de Alliantie HQ, Amsterdam, Netherlands

Studioninedots cuts out an atrium inside renovated 1970s office building

Studioninedots’ design transformed an existing 1970s office building on the Lucent site in Hilversum into the new headquarters of De Alliantie, a Dutch housing corporation. The most eye-catching intervention involved the removal of large areas of infill floors and walls from the sturdy concrete structure. This created a spectacular four-storey-high void, the light and lively new heart of the building that connects the different departments.

In this way the concept of connection was integral to the design wherein architecture and interior design are inseparable. The new headquarters functions to consolidate De Alliantie’s regional offices and their 400 employees, and facilitate new interactions between both colleagues and visitors through collective functions, which are centred around the atrium. These functions include the lobby, a public restaurant, library and kitchenettes on each floor.
Spatially, the dynamic character of the atrium is accentuated by crisscrossing steel staircases, cantilevered balconies, walkways and vistas, but most of all through the void that zigzags within the concrete frame. This dynamism is also expressed on the facade: large glazed surfaces within the structural concrete framework cut out a Tetris-like form from the anthracite-coloured facade, which lends the building its prominent new identity.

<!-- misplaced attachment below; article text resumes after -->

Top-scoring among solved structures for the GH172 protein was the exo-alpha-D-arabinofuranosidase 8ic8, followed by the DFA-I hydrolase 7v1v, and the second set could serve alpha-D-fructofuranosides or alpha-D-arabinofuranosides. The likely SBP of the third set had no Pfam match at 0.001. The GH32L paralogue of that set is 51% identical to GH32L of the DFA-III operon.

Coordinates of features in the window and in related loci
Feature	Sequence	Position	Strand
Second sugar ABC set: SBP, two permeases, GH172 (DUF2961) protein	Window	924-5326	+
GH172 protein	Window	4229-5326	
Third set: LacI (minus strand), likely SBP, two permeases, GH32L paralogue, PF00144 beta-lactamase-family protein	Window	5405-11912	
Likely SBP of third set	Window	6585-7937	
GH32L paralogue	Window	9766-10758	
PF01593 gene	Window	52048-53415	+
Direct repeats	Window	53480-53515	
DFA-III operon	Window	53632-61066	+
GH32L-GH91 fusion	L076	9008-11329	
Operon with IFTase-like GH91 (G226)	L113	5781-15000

Internally it’s immediately clear that the removal of floors and walls has literally resulted in more openness and daylight, which now floods the 22-metre-deep floor plates of the once dark building. The structural framework in the atrium is infilled with perforated wooden panels and steel frames. Besides their acoustic function and being the perfect basic layer for the graphic signage, the walls also incorporate various functions such as the kitchenettes, library, storage and displays.

The last companies vacated the former Lucent industrial site in the 1980s, and two of the five office buildings were retained. Being in good condition, especially the concrete structure and the ingenious installations Philips applied at the time, these buildings could be renovated to easily gain a new life. Estimations state that a completely new build headquarters of 6.300 m2 would have cost about 50% more than this transformation (of 851 euro/m2 + 450 euro/m2 for the interior) does now. On top of that the building scored energy label G before renovation, now its A.

By physically sharing social spaces, staff now interact with each other socially and professionally, and contribute to the new shared identity of the company.

Thursday 08 Jun 2017

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